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[ruhm-ij] /ˈrʌm ɪdʒ/
verb (used with object), rummaged, rummaging.
to search thoroughly or actively through (a place, receptacle, etc.), especially by moving around, turning over, or looking through contents.
to find, bring, or fetch by searching (often followed by out or up).
verb (used without object), rummaged, rummaging.
to search actively, as in a place or receptacle or within oneself:
She rummaged in her mind for the forgotten name.
miscellaneous articles; odds and ends.
a rummaging search.
Origin of rummage
1520-30; aphetic alteration of Middle French arrumage, equivalent to arrum(er) to stow goods in the hold of a ship (< ?) + -age -age
Related forms
rummager, noun
unrummaged, adjective Unabridged
Based on the Random House Dictionary, © Random House, Inc. 2015.
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Examples from the Web for rummaging
Historical Examples
  • Every evening is spent in cleaning guns, rummaging for unprepossessing treasures of shooting and fishing equipment.

    Etiquette Emily Post
  • She was rummaging for the soap and for an answer to his first remark.

    In a Little Town Rupert Hughes
  • And immediately the man turned back to the desk to renew his rummaging--in search of a key to fit the case, she guessed.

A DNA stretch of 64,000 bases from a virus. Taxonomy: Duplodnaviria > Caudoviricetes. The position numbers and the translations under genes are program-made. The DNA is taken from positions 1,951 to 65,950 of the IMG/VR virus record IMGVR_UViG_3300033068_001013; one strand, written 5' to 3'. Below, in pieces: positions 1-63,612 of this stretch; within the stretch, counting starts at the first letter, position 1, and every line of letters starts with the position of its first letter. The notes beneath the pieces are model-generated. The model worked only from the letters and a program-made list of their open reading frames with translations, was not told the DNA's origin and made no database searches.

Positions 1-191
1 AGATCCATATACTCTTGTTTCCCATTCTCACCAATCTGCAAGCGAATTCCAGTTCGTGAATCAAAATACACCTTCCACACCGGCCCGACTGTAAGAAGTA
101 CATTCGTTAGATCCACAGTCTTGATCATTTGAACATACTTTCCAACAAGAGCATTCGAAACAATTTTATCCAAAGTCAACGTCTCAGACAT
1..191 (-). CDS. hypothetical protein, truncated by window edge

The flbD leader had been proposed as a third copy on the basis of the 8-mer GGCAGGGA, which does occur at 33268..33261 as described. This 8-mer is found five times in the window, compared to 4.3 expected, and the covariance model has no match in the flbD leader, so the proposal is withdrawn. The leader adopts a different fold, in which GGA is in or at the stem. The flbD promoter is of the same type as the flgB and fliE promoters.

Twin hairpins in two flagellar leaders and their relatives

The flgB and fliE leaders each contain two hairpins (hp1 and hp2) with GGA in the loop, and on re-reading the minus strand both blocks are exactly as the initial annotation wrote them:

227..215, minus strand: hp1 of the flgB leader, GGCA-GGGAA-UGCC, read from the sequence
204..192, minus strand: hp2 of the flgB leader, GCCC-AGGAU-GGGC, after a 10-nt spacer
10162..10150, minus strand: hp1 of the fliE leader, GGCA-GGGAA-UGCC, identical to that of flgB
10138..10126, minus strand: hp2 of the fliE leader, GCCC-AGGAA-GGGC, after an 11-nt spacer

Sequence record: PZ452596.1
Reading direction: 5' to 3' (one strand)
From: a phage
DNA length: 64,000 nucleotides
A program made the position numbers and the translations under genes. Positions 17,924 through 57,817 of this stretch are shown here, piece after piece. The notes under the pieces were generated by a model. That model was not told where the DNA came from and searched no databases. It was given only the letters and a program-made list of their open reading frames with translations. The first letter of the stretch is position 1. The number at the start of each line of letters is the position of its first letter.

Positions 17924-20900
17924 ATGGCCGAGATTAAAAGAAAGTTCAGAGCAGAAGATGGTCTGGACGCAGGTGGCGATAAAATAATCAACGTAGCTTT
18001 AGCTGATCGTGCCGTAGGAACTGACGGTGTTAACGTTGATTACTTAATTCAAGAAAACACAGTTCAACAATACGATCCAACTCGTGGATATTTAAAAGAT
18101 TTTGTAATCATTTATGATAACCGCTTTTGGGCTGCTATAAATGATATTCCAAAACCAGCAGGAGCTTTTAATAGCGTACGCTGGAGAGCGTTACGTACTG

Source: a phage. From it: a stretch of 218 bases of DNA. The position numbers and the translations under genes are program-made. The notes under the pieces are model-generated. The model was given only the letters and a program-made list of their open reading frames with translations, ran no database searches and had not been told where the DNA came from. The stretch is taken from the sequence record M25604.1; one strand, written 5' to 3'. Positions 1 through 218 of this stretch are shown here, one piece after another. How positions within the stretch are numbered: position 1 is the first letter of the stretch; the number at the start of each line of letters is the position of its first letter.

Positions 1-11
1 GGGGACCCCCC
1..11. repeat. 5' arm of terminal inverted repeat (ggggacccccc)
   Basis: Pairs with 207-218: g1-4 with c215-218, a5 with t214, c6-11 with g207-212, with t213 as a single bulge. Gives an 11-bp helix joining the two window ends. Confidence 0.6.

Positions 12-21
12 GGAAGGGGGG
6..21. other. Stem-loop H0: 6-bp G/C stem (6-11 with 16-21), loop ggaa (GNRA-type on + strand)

Nobody Louis Joseph Vance
  • We put in nearly a week rummaging through that moldy old barracks.

    Shorty McCabe Sewell Ford
  • All this time he was rummaging in the drawer of an old-fashioned bureau, and now he turned round, with a bundle of yellow MSS.

    Curious, if True Elizabeth Gaskell
  • A number of pigs and fowl were rummaging about the kitchen at will.

  • Once while rummaging amongst my mother's treasures I had come across a miniature of Signor Toritti.

    The Chief Legatee Anna Katharine Green
  • In the next instant he was rummaging in the medicine closet.

    Creatures of Vibration Harl Vincent
  • rummaging in his breast pocket with his free hand, he brought out a yellow message form.

    Planet of the Damned Harry Harrison
  • They dropped and died on the dust-heaps they had been rummaging for offal.

    The Dop Doctor Clotilde Inez Mary Graves
British Dictionary definitions for rummaging


when intr, often foll by through. to search (through) while looking for something, often causing disorder or confusion
an act of rummaging
a jumble of articles
(obsolete) confusion or bustle
Derived Forms
rummager, noun
Word Origin
C14 (in the sense: to pack a cargo): from Old French arrumage, from arrumer to stow in a ship's hold, probably of Germanic origin
Collins English Dictionary - Complete & Unabridged 2012 Digital Edition
© William Collins Sons & Co. Ltd. 1979, 1986 © HarperCollins
Publishers 1998, 2000, 2003, 2005, 2006, 2007, 2009, 2012
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Word Origin and History for rummaging



1540s, "arrange (cargo) in a ship," from rummage (n.), 1520s, "act of arranging cargo in a ship," a shortening of Middle French arrumage "arrangement of cargo," from arrumer "to stow goods in the hold of a ship," from a- "to" + rumer, probably from Germanic (cf. Old Norse rum "compartment in a ship," Old High German rum "space," Old English rum; see room (n.)). Or else from English room (n.) + -age.

Meaning "to search closely (the hold of a ship), especially by moving things about" first recorded 1610s. Related: Rummaged; rummaging. Rummage sale (1803) originally was a sale at docks of unclaimed goods.

Online Etymology Dictionary, © 2010 Douglas Harper
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